As we enter the next stage of this pandemic, with many states beginning phased re-openings and hospitals preparing to resume elective procedures, we have the opportunity to reflect on our experiences and consider how what we have learned so far can help us plan for a possible second wave of the novel coronavirus.
To help the nation’s hospitals prepare, we sourced best practices from pharmacy leaders across the country who have experienced COVID-19 surges. We hope that these learnings will provide practical guidance for health systems on how to incorporate the pharmacy into their broader strategic plans.
Expand medication intelligence for improved decision-making
With the anticipated, continued demand for medications to treat COVID-19 (not to mention new medication demands as medical and surgical procedures ramp back up), health systems will need to pay close attention to their medication inventory.
Many hospitals experienced drug shortages and supply chain disruptions during the first wave of COVID-19 surges. To avoid these issues during a second wave, pharmacists must have clearer visibility into inventory. This will give them the ability to proactively identify inventory challenges and plan accordingly.
We know how difficult it can be to make decisions about deploying medications during these critical times. That’s why we partnered with two leading healthcare organizations, the American Society of Hospital Pharmacists and the Society of Critical Care Medicine, to identify and track more than 75 of the most commonly used medications for COVID-19 treatment. This intelligence will help hospitals make better, faster decisions around medication allocation and allow them to calculate what may be needed in a future surge.
Here’s an additional note on medication management. Using automated pharmacy technology like that developed by my company can help hospitals take the insights discussed above one step further by providing granular intelligence right at the point-of-care. Pharmacy leaders in surge areas told us that the level of visibility and specificity into inventory provided by automated dispensing cabinets further empowered them to implement safeguards on critical medications, project, plan, and mitigate shortages, and increase emergency care levels as needs shifted.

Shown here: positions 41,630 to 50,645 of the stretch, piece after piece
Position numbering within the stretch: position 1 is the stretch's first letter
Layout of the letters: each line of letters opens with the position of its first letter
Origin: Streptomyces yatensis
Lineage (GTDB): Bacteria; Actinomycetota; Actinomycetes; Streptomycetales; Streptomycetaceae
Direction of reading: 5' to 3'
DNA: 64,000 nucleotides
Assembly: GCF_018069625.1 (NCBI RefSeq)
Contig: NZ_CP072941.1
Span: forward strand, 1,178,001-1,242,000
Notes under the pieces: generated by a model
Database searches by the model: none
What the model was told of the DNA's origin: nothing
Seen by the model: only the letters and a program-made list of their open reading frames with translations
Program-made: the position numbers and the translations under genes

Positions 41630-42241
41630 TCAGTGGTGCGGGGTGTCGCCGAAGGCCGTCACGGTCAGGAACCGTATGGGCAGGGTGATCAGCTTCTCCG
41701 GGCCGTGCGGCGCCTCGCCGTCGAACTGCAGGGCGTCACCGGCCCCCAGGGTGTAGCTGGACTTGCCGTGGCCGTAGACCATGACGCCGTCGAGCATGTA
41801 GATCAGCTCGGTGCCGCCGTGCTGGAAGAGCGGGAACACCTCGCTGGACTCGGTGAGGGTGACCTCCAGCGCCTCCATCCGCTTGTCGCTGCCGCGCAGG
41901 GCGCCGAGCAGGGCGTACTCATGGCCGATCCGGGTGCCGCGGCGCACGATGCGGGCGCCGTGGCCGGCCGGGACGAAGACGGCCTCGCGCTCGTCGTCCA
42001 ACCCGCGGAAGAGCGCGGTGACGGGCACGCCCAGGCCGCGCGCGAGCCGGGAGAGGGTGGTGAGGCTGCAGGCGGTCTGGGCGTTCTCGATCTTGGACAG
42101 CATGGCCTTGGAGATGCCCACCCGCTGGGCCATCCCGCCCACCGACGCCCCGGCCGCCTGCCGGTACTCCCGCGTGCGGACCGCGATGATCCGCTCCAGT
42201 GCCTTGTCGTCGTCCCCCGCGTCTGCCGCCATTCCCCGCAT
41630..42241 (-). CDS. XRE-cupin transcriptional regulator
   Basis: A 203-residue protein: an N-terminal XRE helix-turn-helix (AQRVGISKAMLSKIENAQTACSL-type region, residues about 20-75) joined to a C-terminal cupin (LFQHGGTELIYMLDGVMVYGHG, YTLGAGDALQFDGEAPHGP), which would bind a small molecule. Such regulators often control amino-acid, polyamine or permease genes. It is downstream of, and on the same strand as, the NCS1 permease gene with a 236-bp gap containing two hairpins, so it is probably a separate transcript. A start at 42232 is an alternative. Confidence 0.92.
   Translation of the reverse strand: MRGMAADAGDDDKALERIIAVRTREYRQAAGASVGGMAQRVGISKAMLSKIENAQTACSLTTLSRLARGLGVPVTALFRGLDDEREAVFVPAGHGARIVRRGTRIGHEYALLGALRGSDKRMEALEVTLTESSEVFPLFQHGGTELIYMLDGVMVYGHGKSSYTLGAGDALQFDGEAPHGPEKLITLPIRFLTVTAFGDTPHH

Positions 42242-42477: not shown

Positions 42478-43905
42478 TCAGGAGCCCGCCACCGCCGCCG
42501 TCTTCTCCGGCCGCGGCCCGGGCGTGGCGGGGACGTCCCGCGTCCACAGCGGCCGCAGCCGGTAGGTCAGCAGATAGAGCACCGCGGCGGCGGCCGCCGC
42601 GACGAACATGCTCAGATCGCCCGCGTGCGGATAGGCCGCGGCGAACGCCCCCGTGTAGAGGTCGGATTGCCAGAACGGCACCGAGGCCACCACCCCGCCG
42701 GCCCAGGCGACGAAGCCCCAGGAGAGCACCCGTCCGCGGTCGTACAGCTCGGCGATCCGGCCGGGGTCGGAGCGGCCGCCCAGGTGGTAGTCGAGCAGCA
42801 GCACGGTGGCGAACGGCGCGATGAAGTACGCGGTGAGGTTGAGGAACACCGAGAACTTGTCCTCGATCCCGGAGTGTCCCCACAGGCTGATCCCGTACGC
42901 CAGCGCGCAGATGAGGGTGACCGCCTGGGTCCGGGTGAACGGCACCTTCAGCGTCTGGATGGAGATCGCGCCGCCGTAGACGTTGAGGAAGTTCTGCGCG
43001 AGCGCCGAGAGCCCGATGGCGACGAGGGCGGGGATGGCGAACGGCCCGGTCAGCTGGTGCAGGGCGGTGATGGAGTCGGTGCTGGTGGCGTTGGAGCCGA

Adapt staff roles and workflows to accommodate new realities
This pandemic has required all staff to reconsider their typical roles and ways of working, including pharmacy staff. Many hospitals have expanded the pharmacist’s role as part of their efforts to manage this crisis. Whether it’s cross-training staff on pharmacy operations, implementing new shift models for surges, employing telehealth to interact with patients, or looking to pharmacy residents to fill staffing gaps (in some cases, they’ve even fast-tracked to graduation to support COVID-19 efforts), pharmacy practices are changing.
Beyond these small but not minor changes, the very role of the pharmacist is being reconsidered during this pandemic. Pharmacists, who are one of the most underutilized healthcare workers in the system, see an opportunity to contribute more directly to patient care during this time.
Pharmacists should always be able to perform at the top of their license. But in times of crisis, like this pandemic, they continue to raise their hands and find ways to support critical patient care needs.
Automate medication-related tasks to mitigate risk
Because pharmacists are so bogged down by administrative work, many health systems have looked to automation to free them up for tasks that are more central to patient care, directly impact medication outcomes and costs, and that reduce the overall number of medication errors. Studies show that having pharmacists deal directly with patients also improves satisfaction — and ultimately boosts bottom lines.
While by no means comprehensive, we believe that these pharmacy best practices around expanding pharmacy supply chain intelligence, adapting staff roles and workflows, and automating pharmacy tasks can go a long way toward helping health systems prepare for the next phase of this pandemic.